One can also argue that the Traditional Marriage you advocate bears no resemblance to the extended families and clans of the Bible, and offers none of the benefits of those social arrangements. It's a pale substitute at best, even with the legal recognitions, for those recognitions are largely exclusive to husband, wife and children; leaving recognition of extended family up to the whim of social workers and judges. Goodness, Biblical family units included multiple wives - and it made good sense at the time; still does in many parts of the world. The Bible is silent on that, probably due to the fact that one doesn't waste ink on the obvious.

Nor can the argument that a majority wish to restrict the rights of a minority be used as justification for such restrictions; the Founders were quite specific in their intent to forestall such an intemperance of pure democracy by mobs inflamed by lying demagogues. This is why we have a Constitutional Republic.

One of the great strengths of this nation is its tolerance of difference and long standing tradition of scorning those who would meddle in the lives and private matters of others.

But there has always been a counter-tradition of those who believe that their conspicuous, self-revealed piety entitles them to determine the moral worth of others, and impose whatever restrictions upon them that matches the whim of the moment.

It's always a singular flaw, there's no comprehensive talk of morality, nor any need for such bluenosed blatherers to exhibit any evidence that their prayers in the square command any attention. Their entire focus is on the speck in their brother's eye, whether it be a perceived "sin" of witchcraft, of drunkenness, of polygamy, of "the love that dare not speak it's name."

Well, hatred is a terrible thing to teach a child; it taints and poisons their entire life. And Jesus said nothing that can be twisted into approval for such behavior, leaving such folks to scrabble at the afterthoughts of St. Paul and Augustine, as if the term "inspiration" conveyed with it the full insight into the full sweep of reality that the Divine must presumably possess.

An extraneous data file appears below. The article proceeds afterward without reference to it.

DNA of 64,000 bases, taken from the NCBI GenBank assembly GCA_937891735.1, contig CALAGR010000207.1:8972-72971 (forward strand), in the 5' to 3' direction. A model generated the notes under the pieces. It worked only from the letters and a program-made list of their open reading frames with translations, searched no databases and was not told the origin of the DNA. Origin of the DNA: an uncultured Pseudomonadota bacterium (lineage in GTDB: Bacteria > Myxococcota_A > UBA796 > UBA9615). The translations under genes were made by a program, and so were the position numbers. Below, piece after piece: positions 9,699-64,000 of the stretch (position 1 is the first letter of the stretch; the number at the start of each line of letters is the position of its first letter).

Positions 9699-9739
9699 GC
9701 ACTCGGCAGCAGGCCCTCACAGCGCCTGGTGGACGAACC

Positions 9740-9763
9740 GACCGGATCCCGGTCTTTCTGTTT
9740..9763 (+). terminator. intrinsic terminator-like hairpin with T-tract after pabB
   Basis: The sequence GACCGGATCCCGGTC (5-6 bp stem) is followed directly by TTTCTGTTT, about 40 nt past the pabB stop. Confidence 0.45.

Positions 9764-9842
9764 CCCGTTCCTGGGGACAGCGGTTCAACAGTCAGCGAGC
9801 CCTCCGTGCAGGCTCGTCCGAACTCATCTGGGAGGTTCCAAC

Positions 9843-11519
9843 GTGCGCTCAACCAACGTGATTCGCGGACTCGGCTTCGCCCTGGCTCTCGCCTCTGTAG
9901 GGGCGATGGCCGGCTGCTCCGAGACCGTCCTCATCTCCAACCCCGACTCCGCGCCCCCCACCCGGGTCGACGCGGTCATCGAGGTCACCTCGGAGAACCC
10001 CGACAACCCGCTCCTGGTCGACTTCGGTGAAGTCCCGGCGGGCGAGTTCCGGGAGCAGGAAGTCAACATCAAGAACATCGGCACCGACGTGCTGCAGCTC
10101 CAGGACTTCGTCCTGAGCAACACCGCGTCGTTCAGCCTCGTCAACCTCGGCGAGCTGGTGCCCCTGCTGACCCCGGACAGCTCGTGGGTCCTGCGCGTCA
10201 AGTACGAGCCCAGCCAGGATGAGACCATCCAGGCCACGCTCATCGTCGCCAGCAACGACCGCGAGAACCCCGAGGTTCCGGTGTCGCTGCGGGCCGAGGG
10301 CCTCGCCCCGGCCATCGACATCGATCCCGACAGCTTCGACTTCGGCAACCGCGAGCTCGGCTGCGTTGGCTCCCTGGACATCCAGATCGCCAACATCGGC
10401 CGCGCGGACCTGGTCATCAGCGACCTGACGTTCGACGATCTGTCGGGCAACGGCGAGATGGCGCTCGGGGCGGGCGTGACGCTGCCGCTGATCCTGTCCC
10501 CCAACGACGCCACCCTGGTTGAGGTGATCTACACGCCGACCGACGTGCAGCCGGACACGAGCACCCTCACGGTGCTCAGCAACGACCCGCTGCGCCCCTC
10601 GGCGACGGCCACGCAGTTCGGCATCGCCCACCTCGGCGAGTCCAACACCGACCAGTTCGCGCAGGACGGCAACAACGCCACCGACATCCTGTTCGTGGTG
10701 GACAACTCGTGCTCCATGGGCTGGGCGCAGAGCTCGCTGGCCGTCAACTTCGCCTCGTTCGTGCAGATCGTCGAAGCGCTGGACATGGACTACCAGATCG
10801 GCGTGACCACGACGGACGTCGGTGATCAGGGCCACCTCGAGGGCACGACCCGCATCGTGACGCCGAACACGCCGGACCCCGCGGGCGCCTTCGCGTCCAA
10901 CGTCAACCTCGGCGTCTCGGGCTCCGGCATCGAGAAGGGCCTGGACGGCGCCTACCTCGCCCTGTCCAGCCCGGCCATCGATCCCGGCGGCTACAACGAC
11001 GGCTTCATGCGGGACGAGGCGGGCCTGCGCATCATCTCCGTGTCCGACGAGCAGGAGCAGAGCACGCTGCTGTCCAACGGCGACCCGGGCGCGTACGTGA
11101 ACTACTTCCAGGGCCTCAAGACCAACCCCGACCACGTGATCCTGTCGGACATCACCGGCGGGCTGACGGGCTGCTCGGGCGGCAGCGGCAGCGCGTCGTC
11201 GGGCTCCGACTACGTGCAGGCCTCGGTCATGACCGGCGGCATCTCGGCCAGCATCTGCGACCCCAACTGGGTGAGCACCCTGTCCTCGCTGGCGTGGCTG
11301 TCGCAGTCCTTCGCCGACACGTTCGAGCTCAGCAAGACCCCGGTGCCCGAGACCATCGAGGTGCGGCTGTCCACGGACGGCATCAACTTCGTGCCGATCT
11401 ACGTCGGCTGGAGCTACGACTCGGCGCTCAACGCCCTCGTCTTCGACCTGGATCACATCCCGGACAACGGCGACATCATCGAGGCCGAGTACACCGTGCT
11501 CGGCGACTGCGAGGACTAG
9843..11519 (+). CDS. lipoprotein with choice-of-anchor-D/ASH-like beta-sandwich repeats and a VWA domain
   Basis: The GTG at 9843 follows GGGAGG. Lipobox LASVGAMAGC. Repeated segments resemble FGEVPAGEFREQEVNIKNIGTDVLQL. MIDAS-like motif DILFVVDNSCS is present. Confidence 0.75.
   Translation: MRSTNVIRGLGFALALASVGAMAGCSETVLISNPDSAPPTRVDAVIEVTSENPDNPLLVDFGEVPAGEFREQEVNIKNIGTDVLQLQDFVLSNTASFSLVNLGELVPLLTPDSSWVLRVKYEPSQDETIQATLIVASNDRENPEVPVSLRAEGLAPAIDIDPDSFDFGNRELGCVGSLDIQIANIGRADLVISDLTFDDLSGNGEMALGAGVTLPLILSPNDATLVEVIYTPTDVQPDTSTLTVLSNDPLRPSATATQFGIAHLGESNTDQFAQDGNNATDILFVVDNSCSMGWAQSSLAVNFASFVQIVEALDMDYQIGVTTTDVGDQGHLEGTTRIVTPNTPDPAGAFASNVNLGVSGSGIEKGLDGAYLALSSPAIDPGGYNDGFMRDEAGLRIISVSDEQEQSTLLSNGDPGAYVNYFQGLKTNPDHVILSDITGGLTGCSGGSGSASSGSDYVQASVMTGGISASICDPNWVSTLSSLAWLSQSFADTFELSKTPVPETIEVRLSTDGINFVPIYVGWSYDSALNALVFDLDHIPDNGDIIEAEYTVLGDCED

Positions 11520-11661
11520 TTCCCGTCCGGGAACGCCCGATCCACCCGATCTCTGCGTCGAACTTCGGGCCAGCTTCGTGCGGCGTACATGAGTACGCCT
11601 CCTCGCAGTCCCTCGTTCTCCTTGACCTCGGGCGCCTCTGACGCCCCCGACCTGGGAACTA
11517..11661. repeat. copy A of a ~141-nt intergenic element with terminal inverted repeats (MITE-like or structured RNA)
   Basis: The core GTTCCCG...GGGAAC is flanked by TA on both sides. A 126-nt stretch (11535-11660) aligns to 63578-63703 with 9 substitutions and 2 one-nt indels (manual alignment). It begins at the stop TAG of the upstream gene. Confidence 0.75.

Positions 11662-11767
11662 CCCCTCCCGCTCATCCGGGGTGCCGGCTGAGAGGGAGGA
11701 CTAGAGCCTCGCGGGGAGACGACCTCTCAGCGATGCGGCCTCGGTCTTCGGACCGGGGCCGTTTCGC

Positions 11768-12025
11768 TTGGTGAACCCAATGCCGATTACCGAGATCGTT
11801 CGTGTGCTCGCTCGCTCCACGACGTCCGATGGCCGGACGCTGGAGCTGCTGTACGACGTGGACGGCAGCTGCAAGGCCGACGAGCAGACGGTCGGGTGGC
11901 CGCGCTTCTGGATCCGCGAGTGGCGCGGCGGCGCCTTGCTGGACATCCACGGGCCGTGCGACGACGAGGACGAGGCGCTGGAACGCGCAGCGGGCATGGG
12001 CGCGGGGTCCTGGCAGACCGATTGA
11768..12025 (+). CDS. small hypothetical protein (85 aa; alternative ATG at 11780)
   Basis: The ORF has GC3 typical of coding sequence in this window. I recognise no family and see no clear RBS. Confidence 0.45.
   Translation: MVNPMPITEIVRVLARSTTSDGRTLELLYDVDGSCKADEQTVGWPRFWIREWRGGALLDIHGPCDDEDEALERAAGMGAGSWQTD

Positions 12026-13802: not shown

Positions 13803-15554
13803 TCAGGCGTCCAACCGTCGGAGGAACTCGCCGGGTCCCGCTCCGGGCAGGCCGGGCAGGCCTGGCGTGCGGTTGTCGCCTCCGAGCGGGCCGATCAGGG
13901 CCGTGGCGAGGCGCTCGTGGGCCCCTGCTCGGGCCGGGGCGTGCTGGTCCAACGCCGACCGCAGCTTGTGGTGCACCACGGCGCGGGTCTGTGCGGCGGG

Inspired as one may be, one is an inspired human with limits to the degree of inspiration that is possible.

But there are indeed biblical texts that are clear and direct to this point. Jesus said to love God and love your neighbor. There are no conditions on that. He didn't say "love those that walk in My footsteps," further saying that "On these two commandments hang all the law and the Prophets." Love God; Love your neighbor. Not your heterosexual neighbor. Not your co-religionist neighbor. Not your sober, reliable, morally upright practicing Jewish neighbor who's fringes reach his knees and who's daughters shine brightly of chaste virtue.

Your neighbor lives in the Castro and in the trailer park, as well as next door in your gated mental community.

Love does not limit, nor does it teach with fear. Fear, to be blunt, is the preferred tool of Evil.

If you think your institution of marriage is so perfect, go and make it a shining example. That is the direct mandate given in the Bible; to teach by example. Let your actions be the fulfillment of your words. If it works as well as you say, there will be a stampede of eager converts to your view.

But the red-state divorce rate is actually higher than that of the places where us "godless" folk prefer to live. Was that not enough to give pause, the fact that you feel the need to give artificial legal advantage to your vision, and your vision alone speaks volumes about your doubt in the essential validity of your religion and the values it teaches.

And you are right to doubt. Your values stink on ice, and had I the right to speak to it, I'd outlaw them, for the evident and demonstrable harm they do. You arrogate moral authority to yourself, yet show contempt for everything Jesus taught; in chief using "tolerance," "liberality" and "diversity" as curses.

I, however, feel that you have the right to make mistakes on your own behalf with consenting adults, and grudgingly allow that must also apply to the children you raise as best as can be expected under the circumstances.

But don't expect me to support you in your foolishness, or remain silent in the face of what I see as willful, arrogant, malicious evil.

s.